Eric: March 2013 is when all of this kind of came to a head. I have been serving in the local church for a number of years at that point. I have been married for almost eight years to the love of my life and my high school sweetheart. When we were kids, she walked through that season with me. The season I was referring to before when I was in college. She stood by my side even when I was at my worst. And so, God and my parents said, "You better marry that girl", and I did. We have been ever since 15 years and we serve in Ministry together as a young married couple and then we had our first child in 2009. We were having so much fun on that journey. But my theology and my understanding of God was still tied up in my performance. It was still tied up in what I achieved, what I did for God. And that was leading me down this road of burnout and exhaustion. So I believe the message. The unbelief was in really still understanding the goodness and grace of God. That even if I didn't achieve and even if I didn't perform, God's favor in my life, God's love for me, God's goodness to me, was not connected to my performance. And that realization hit me like a ton of bricks eight years ago to see that God was smiling at me even as a young man in college and even when I was trying to grip my way through life and got it out so to speak in Ministry. God's opinion of me had never changed.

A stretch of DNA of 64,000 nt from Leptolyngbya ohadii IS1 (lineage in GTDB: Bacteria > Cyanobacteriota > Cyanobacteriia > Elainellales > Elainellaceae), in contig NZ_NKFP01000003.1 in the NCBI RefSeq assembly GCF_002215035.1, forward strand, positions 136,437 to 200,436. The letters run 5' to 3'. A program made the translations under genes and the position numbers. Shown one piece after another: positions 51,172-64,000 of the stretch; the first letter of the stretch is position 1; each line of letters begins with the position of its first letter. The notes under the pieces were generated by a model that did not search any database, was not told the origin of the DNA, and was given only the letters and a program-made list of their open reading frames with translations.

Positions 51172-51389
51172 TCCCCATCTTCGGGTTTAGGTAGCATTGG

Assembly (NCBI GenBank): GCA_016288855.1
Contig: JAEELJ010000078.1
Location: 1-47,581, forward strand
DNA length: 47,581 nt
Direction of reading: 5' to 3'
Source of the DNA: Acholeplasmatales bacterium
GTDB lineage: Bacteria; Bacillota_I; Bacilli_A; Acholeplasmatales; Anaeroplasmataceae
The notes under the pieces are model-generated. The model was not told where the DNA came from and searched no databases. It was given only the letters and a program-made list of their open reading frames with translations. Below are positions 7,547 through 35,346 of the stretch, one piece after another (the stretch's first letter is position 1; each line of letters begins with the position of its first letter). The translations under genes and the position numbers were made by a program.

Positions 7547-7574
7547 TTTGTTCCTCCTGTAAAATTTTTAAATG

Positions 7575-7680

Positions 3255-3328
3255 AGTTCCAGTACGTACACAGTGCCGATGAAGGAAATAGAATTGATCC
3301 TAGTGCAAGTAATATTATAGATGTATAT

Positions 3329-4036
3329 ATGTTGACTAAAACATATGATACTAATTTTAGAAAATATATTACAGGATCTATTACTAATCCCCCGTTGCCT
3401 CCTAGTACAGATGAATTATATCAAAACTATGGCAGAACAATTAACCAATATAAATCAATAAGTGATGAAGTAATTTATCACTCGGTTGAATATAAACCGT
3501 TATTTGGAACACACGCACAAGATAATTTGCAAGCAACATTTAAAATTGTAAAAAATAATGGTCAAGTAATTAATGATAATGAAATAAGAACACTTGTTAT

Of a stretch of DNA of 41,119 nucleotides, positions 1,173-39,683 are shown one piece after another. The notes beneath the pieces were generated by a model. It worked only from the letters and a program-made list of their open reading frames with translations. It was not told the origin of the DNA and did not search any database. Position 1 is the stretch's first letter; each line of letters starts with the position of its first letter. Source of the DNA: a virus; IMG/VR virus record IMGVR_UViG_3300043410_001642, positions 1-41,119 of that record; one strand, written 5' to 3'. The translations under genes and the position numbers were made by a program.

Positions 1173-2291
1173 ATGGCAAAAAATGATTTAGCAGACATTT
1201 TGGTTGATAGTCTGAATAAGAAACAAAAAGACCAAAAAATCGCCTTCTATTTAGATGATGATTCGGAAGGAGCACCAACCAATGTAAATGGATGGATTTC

Eric: That was a game changer for me, Helen, because then it made the journey of serving the Lord. Not about my performance, but about His. Next week we're going to be going through Passion Week and Holy Week. We're going to reflect on the sacrifice that Jesus made on our behalf and the resurrection that we celebrated Easter. That is the ultimate testimony that His performance was enough. It's not up to me. So the unbelief was that He didn't do His job, and I got to do mine, so to speak. That I've got to really perform for Him to like me, to love me, to favor me, to bless me. Rather, He loves me and now I perform if you will or I achieve or I strive from a place of His finished work.

Helen: This is a very interesting journey. And in essence, both of these experiences that you had were the process I think if I were to summarize your story was the process of Eric Scott really learning who Eric Scott is. I don't think that we can connect our series of this podcast as greater purpose and about people connecting with their greater purpose. And truly, I don't believe we can connect to our greater purpose or even discover what it is until we have an understanding of who we are in God, in Christ. And so, would you say that you have discovered who Eric Scott is?